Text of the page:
News and Events

The Transparency Order in Family Law

View profile for Rhian Evans
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What is the Reporting Pilot?

Journalists and legal bloggers are now able to report from Family Courts in Cardiff, Leeds, and Carlisle as part of a 12-month pilot which began on the 30th of January 2023. The pilot allows for ‘pilot reporters’ to attend and report on proceedings heard in pilot courts. This being the first time that media access is allowed in family law proceedings.

The judges in the pilot courts will make a ‘Transparency Order’ which sets out the rules of what can and cannot be reported in the proceedings.

Why is the Pilot happening?

Family proceedings are heard in private to protect the privacy of the families involved. There is a great perception that the family courts are masked in secrecy, with many not understanding how the process works and coming out of the process feeling confused. The Transparency Pilot aims to challenge this issue, by reporting on cases this will allow the public to gain a better understanding of how the family courts work.

Moreover, there is an ongoing drive to make justice visible and more accessible. A fundamental reason for the Transparency Pilot is to improve the courts and make the law fairer to everyone. Everyday judgements are not open to public scrutiny, patterns of decisions cannot be seen by the public and the risk of injustice increases. The Transparency Pilot hopes to begin the start of tackling this problem, by opening decisions to the public for comment and scrutiny.

Leeds Court Transparency Order

Mr Justice Poole in the Leeds Court made the first transparency order. The Transparency Order was made before a hearing which was expected to last for 11 weeks. The finding-of-fact hearing involved three separate family law applications brought by local authorities in relation to three separate families, all living in the Yorkshire region. The Order included a prohibition on any reporting until after the conclusion of the hearing, and potentially longer. The Order is the first of its kind, however, is unlikely to result in the first press coverage under the pilot due to the nature of the reporting restrictions.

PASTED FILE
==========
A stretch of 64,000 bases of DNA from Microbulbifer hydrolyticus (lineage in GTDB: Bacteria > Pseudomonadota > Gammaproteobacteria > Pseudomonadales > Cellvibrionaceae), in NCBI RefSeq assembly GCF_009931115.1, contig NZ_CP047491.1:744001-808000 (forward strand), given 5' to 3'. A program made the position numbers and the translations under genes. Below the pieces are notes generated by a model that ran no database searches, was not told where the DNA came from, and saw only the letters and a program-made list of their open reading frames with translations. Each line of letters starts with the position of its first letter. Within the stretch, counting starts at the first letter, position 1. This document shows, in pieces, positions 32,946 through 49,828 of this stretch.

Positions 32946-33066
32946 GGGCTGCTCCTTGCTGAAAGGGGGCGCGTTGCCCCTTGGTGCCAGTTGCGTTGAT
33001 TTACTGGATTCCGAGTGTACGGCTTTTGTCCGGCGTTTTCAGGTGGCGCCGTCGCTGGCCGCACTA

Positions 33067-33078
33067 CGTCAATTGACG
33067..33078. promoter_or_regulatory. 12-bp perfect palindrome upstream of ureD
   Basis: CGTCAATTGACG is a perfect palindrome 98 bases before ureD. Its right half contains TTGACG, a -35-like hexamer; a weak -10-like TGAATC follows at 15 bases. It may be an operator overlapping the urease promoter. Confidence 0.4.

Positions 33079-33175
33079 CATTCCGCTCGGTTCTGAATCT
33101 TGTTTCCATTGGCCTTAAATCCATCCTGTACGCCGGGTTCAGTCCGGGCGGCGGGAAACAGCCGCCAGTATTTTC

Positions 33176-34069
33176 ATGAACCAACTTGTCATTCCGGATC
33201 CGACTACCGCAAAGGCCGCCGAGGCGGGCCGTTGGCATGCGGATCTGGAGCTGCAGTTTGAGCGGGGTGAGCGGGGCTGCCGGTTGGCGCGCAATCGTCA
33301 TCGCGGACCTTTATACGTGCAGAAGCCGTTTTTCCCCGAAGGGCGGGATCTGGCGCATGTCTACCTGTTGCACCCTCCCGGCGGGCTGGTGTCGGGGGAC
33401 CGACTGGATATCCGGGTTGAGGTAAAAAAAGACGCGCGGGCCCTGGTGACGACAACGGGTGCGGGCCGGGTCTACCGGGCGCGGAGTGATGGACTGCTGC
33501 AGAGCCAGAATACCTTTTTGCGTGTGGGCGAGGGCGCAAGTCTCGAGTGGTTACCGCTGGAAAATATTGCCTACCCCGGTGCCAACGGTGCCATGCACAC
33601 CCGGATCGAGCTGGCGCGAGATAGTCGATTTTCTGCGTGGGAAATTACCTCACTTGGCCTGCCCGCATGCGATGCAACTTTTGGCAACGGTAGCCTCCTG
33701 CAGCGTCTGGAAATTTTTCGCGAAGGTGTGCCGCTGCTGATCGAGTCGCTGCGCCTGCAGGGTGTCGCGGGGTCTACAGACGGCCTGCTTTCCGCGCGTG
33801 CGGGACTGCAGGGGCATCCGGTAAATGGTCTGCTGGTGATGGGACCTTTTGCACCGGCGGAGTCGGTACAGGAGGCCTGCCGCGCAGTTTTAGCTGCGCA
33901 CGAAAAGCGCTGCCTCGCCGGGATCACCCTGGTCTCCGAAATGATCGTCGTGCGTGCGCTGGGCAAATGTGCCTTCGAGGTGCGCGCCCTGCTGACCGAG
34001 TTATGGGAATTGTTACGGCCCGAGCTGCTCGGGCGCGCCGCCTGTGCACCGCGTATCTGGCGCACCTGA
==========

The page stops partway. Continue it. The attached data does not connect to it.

Is this an end to secrecy in the family court?

While accredited media representatives may attend hearings, they are subject to strict limitations on what they are able to report. The cases will still be anonymised, no reporter is allowed to name or take photos of the mums, dads, husbands, and wives or their children. Though you may be able to identify your case based on dates and location, the aim is to make sure that others cannot identify your case by any of the facts reported.

Comments from our Family Head of Department Jo Harriman

Some perceive that there has been a decline in the public’s confidence in the family justice system, it is hoped that the pilot might tackle this issue, leading to the public having a greater understanding of family proceedings and how they are conducted, and how decisions are made.

The pilot could assist parents in family proceedings to understand what to expect, a better understanding of how a court may approach decision-making in family cases may even lead to a larger proportion of matters settling by agreement before they reach the court.